New England Cod Stocks in Sharp Decline
Press Release Date: October 2, 2009
Location: WOODS HOLE, Mass
Anna Baxter | email: firstname.lastname@example.org | tel: Anna Baxter
“>Georges Bank cod populations, already a tiny fraction of sustainable levels, have declined by 25 percent from 2001 to 2004, a drop revealed by federal scientists during their first update on the 2002 cod stock assessment. This news has prompted Oceana to once again urge the federal government to protect cod nursery grounds and stop overfishing.
In their stock assessment, discussed during a workshop on Monday, scientists from the National Marine Fisheries Service, the New England Fishery Management Council, and the Northeast Fisheries Science Center found that the lack of strong recruitment of juvenile cod in the last decade suggests that the key causes of this sharp decline are the continued commercial overfishing of adult cod, and the continued failure of significant numbers of juvenile cod to survive to adulthood.
“The slightly higher number of juvenile cod found in the 2003 class is a mere blip on a longstanding trend of low juvenile cod populations,” said Chris Zeman, Oceana’s Northeast Fisheries Program Counsel. “The survival of the juvenile cod born in the last couple of years will determine cod fishermen’s future. The council can’t ignore this new assessment – they must act to protect juvenile cod habitat and stop overfishing to help New England cod populations recover.”
Scientists have shown that juvenile cod require complex rocky habitats with abundant animal and plant life, both for food and shelter from predators. They have also documented that dragging nets and dredges across the seafloor causes long-term damage to these habitats and significantly reduces their value to juvenile cod. As a result, too few baby cod survive to adulthood to replace the adults killed by fishing or other means, and the population declines.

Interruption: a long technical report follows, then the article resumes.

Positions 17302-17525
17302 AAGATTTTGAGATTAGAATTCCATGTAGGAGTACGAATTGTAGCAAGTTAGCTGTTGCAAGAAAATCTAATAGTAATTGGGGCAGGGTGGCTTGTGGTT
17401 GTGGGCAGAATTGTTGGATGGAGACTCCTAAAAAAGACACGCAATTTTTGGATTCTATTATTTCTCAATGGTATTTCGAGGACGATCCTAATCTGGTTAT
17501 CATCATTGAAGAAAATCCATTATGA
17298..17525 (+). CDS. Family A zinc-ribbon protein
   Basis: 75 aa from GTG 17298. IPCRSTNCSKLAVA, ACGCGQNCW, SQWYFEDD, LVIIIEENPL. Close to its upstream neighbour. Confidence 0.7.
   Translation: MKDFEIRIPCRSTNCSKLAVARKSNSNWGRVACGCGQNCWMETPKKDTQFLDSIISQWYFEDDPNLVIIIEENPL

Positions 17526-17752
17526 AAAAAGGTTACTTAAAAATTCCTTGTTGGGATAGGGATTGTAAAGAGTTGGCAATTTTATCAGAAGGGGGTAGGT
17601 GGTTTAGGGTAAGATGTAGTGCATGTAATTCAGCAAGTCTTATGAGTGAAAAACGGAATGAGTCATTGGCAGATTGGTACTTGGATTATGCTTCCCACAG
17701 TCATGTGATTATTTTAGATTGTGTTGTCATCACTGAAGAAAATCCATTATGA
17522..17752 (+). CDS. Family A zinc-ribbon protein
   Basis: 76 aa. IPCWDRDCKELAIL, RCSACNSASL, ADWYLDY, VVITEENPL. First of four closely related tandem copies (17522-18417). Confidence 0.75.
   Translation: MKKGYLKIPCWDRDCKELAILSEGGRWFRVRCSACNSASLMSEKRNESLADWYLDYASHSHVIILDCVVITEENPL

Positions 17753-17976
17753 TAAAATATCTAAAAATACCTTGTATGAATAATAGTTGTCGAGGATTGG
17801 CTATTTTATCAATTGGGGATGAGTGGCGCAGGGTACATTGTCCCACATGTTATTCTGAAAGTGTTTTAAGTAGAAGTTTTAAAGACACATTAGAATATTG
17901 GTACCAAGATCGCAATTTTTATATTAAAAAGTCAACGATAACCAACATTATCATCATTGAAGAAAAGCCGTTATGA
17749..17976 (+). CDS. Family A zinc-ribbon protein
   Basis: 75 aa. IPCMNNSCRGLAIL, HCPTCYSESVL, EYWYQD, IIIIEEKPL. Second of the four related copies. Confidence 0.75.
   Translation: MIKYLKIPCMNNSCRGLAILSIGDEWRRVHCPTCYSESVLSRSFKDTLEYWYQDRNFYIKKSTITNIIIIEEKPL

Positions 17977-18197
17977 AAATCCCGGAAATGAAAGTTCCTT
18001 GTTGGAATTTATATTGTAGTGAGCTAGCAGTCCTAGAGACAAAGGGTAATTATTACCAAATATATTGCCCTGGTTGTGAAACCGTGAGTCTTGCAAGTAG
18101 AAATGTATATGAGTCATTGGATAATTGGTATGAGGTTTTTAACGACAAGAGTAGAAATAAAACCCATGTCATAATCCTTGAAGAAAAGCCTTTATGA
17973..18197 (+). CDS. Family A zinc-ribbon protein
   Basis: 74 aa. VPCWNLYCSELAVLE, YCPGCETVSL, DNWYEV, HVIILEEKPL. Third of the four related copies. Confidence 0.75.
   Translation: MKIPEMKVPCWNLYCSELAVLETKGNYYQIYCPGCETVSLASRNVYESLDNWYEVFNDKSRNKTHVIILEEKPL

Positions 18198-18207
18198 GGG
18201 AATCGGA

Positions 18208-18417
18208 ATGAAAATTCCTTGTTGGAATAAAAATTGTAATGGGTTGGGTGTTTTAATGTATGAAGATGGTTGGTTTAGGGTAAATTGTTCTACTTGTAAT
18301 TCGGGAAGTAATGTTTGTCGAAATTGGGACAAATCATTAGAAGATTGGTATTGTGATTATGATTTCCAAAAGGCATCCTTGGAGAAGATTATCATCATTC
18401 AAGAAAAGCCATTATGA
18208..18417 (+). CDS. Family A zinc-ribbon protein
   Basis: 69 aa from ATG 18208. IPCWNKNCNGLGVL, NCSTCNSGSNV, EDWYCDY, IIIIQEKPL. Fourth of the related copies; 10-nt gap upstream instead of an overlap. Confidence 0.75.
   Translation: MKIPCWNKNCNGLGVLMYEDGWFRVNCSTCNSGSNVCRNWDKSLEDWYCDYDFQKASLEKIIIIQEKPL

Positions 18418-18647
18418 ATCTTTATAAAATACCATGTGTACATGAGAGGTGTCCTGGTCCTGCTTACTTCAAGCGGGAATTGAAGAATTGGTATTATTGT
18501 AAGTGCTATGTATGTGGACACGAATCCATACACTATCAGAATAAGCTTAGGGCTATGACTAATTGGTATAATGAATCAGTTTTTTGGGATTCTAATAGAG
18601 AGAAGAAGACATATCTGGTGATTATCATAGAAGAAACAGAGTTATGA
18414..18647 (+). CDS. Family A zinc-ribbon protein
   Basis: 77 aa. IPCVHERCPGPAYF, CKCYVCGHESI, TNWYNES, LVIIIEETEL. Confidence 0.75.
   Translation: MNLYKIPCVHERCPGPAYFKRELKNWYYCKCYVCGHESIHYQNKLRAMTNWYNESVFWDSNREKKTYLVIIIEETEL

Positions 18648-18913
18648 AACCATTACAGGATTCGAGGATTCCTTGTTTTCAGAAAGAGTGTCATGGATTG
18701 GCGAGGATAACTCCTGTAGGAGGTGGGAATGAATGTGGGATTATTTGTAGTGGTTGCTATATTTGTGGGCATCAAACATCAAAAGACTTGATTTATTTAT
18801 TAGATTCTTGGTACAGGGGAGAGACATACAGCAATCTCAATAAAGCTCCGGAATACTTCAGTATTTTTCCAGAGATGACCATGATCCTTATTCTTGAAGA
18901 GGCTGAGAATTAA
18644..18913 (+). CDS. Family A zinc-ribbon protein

“If New England wants to continue fishing for cod in the future, historically important cod nursery grounds need to be protected now,” said Zeman. “Oceana has worked with fishermen and scientists to identify these nursery grounds off Cape Cod and southern New England, as well as on Georges Bank, and called on the council to protect these areas for the juvenile cod.”
Oceana’s proposal for protecting cod nursery grounds has received strong support from the New England council’s habitat scientists. The proposal is under review by the New England council’s Habitat Committee and will be considered at its Aug. 22 meeting in Portland, Maine. If approved, the alternative will be developed as an alternative in the Council’s Omnibus EFH Amendment II, slated for final approval in late 2007.
From 2001 to 2004, U.S. landings of Georges Bank cod are down 67 percent. Cod fishermen are now catching the large fish from 1998 and 1999; when those fish are gone, there won’t be enough juvenile cod to replenish the adults. “The key way to protect the juvenile cod is to reduce bycatch and protect their habitat,” said Zeman. “If New England wants to continue fishing in the future it needs to protect cod now—not wait until 2007.”